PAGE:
RICKENBACKER AIR NATIONAL GUARD BASE, Ohio - Michael Zinsmeister and Lance Perone were just two young boys from a small town near Zanesville, Ohio, who rode the school bus together. Mutual friends led them to hang out with each other. However, once college came around, they went their separate ways. Little did they know their paths would cross again, as they both enlisted in the Ohio Air National Guard.
Now, 33 years later, they will soon be chief master sergeants at the 220th Engineering Installation Squadron in Zanesville.
Chief Master Sgt. Michael Zinsmeister went to Miami University in Oxford, Ohio, and Senior Master Sgt. Lance Perone attended Ohio University in Zanesville.
Although they had plans to finish school, the Ohio Air National Guard was brought to their attention during college.
One Saturday, Zinsmeister’s friend, Robert Gilger, was getting ready for drill. Zinsmeister didn’t know what this meant or what drill entailed.
“When he got home, we all hung out at my house, and I asked him what it was all about,” said Zinsmeister.
That same night, Zinsmeister hung out with Gilger’s Air Force buddies.
“The following week or so, I started talking to a recruiter,” said Zinsmeister. “This was right around 1989. I think I signed up around February.”
About the same time, Perone was taking college classes at night and working full-time at a distribution center.
“I was like, Wow, this is going to take forever,” Perone said.
One of Perone’s coworkers happened to be Robert Gilger. Coincidentally, he also told Perone he should consider joining the Air National Guard.
“I asked him what he did, and he said he climbs towers and drives big trucks,” said Perone.
Gilger suggested Perone go through with it with Zinsmeister.
“It was just that spontaneous,” said Perone. “I said sign me up.”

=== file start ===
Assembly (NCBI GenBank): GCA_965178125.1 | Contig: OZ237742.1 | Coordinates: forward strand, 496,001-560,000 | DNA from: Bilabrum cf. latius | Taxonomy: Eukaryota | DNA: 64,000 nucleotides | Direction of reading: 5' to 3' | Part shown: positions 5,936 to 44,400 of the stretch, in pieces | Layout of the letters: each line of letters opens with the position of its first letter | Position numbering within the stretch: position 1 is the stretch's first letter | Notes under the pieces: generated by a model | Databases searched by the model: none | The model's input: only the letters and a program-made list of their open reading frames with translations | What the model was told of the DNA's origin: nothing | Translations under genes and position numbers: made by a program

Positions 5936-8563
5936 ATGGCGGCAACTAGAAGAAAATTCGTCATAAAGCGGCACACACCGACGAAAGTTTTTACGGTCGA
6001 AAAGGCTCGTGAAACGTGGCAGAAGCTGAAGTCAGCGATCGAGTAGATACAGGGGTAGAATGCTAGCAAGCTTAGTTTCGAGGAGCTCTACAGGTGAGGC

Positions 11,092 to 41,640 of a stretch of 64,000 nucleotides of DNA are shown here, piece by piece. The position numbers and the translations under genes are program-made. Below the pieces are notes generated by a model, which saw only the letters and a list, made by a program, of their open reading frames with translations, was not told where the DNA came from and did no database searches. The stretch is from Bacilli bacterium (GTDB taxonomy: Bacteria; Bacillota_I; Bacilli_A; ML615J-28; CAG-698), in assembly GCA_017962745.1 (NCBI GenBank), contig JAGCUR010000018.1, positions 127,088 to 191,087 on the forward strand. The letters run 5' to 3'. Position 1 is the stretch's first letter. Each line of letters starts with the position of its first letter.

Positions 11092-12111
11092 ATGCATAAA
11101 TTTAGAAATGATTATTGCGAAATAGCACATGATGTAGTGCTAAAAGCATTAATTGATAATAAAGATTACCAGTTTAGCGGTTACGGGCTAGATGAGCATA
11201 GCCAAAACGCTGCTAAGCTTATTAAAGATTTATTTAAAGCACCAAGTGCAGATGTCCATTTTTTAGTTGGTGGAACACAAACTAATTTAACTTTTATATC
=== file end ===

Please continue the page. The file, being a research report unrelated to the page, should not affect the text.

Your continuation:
Fast forward a few months, Perone and Zinsmeister left for Basic Military Training on the same flight.
“I was on one side of the dorm, and he was on the other,” said Zinsmeister. “We battled through, and we supported each other.”
After BMT graduation, Perone and Zinsmeister returned to their home unit in Zanesville to complete their job training. They shared a hotel room and completed roughly eight weeks of training together during the summer.
Now, 33 years later, Zinsmeister is chief master sergeant, and Perone will be promoted soon.
“He is chief of operations, and I am chief of plans,” said Perone.
There are only two chief master sergeant slots at the 220th.
“For 10 years, there were a lot of qualified people and we just kind of waited it out,” said Perone. “I don’t really look at it as waiting it out, though, because I really like what I do. The only thing I’ve done longer than this is breathe.”
The same is true for Zinsmeister.
“I told them they would have to drag me out,” said Zinsmeister.
Zinsmeister and Perone said the camaraderie is what has kept them at the 220th for so long.
“The people you meet in the Guard are that percent of people you want to hang out with constantly,” said Perone. “I hadn’t found that on the civilian side.”
Perone and Zinster explained that their favorite part of the job is the people.
“It’s almost like a family reunion every drill weekend,” said Zinsmeister. “It’s easy to stick around as long as we have if you have a culture like that.”
“I think we have the same mentality, as far as both wanting to be there,” said Perone. “Seeing this family atmosphere at the base is what always kept us there.”